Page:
Low self worth is an important indicator used by clinicians as one possible symptom when they diagnose a depressive disorder. But does low self worth cause depression or vice versa?
Researchers have long wondered about the chicken-and-egg problem of self worth and depression. Which came first? Low self worth or depression? Certainly, if you dislike yourself, you’re more likely to be depressed. Conversely, if you’re depressed, you’re more likely to feel bad about whom you are as a person.
The only way to disentangle the highly related concepts of self worth and depression is through longitudinal research, in which people are followed up over time. A study on depression, conducted by University of Basel researchers Julia Sowislo and Ulrich Orth, contrasted the competing directions of self worth to depression vs. depression to self worth.
The findings almost all overwhelmingly support the model which showed, over time, that low self worth is a risk factor for depression, regardless of who is tested and how. The study indicated that low self worth causes depression but not vice versa. Therefore, if a person has low self worth, there’s an increased risk of developing depression. This is a very important discovery because it shows that working towards bettering low self worth can make a person feel stronger.
Australian Clinical Psychologist and leading self worth advocate Dr Lars Madsen says that regardless of how self worth impacts depression, the reality often is that for many people self worth is a key factor in both the development and maintenance of depression.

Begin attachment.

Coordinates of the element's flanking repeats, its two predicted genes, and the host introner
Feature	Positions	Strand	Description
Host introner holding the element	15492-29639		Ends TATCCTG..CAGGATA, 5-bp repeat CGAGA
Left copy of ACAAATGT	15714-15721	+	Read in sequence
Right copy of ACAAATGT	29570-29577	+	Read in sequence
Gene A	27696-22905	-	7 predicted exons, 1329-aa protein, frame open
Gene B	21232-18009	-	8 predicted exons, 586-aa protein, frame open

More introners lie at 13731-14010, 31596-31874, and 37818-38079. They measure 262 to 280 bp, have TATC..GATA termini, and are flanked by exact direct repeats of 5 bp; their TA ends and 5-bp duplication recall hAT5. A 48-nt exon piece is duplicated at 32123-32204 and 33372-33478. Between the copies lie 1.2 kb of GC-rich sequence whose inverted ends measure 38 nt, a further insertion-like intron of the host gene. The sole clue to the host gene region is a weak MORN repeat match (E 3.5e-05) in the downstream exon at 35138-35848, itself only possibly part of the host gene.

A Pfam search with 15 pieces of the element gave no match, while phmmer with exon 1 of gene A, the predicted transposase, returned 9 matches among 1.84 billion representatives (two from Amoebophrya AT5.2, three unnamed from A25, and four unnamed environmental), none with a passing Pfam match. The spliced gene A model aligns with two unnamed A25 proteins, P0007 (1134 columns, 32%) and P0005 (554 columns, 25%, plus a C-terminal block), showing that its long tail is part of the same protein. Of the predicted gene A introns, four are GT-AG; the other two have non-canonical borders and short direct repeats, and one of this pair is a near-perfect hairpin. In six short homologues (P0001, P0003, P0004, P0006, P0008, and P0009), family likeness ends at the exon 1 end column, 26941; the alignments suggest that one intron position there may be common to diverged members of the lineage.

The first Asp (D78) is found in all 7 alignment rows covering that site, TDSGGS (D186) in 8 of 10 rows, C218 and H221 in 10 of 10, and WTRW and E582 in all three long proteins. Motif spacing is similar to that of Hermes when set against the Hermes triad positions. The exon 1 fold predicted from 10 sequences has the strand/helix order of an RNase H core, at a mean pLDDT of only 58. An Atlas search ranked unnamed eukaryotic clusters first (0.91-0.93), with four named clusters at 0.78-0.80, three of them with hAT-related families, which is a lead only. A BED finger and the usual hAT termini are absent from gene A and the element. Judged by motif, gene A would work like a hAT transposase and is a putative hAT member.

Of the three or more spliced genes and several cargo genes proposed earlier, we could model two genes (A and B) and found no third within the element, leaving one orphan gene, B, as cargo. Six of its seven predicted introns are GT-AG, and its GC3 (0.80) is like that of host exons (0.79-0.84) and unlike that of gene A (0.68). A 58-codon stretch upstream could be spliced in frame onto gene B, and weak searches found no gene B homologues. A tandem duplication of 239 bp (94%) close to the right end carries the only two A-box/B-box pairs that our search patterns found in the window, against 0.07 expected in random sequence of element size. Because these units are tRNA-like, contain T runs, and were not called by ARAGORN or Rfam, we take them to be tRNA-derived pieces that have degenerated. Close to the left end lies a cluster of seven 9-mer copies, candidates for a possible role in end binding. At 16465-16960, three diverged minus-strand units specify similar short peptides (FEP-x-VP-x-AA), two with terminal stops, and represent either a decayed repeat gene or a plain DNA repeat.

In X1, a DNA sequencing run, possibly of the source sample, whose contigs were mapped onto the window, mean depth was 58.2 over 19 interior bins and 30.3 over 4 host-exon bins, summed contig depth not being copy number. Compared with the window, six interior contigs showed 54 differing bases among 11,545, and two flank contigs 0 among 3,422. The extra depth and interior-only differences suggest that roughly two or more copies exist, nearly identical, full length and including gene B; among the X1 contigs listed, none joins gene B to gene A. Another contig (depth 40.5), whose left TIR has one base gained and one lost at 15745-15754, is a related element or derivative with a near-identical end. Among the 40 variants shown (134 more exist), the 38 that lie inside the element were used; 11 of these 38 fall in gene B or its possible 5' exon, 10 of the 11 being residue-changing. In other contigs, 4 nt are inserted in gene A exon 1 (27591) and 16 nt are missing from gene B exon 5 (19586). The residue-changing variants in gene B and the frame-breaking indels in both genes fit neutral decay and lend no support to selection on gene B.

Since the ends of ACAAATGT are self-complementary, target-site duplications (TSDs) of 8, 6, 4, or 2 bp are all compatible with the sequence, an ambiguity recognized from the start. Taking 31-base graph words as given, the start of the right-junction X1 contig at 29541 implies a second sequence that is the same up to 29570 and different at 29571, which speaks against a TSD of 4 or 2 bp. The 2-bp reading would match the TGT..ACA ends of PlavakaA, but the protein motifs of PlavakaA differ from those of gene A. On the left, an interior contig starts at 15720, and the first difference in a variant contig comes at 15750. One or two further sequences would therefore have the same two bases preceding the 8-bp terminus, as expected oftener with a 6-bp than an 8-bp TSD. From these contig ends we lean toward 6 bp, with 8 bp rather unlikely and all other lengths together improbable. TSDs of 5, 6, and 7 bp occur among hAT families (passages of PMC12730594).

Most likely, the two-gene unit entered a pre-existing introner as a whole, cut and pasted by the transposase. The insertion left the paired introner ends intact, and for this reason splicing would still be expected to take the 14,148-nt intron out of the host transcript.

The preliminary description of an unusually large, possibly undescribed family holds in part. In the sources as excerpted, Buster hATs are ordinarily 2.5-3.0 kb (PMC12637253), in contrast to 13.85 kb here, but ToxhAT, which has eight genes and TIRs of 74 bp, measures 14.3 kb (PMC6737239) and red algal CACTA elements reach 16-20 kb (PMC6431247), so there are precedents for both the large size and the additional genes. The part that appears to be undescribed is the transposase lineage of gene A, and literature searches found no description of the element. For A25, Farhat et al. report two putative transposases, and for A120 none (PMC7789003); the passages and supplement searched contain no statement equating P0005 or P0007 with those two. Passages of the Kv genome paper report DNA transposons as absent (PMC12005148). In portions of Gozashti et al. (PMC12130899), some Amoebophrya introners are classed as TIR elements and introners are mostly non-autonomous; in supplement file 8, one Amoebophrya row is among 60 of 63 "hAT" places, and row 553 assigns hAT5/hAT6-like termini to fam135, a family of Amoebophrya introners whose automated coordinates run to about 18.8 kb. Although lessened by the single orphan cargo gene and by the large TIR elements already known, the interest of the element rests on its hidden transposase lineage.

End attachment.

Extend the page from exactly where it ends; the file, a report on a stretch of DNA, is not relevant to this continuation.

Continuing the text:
A person with low self worth is likely to take things personally, and in a negative way, when dealing with day-to-day stress. People with low self worth try to not to disprove but to verify their negative self-concept by seeking disparaging feedback from the people in their network. Their negative moods can lead to them being perceived in a poor fashion, which in turn can lead to feelings of hurt and rejection. In focusing on their inadequacies and the negative feedback they may receive from others, depressive symptoms can develop as a result.
Dr Lars Madsen confirms it’s rare to find studies in psychology on topics such as self worth and depression that allow for any causal arguments to be made. However, from the large and comprehensive Swiss study, the conclusion was that the best way to protect your positive moods is to find ways to maintain a healthy self worth.
It’s important to remember that low self worth can contribute to the development and maintenance of depression over time. Equally important to remember is that it’s possible to learn to change your thinking and thereby improve your self worth. Doing so can assist you to not only feel better day-to-day, but make you better able to deal with setbacks and difficult times.
So what can we all do? Let’s all raise the awareness of the dangers of low self worth to help prevent the onset of depression and other serious conditions such as anxiety.
Elizabeth Venzin is the Founder and CEO of the Australian Not-for-Profit Organisation The MindShift Foundation. Resources about self worth can be found on the MindShift website www.mindshift.org.au
Originally published at medium.com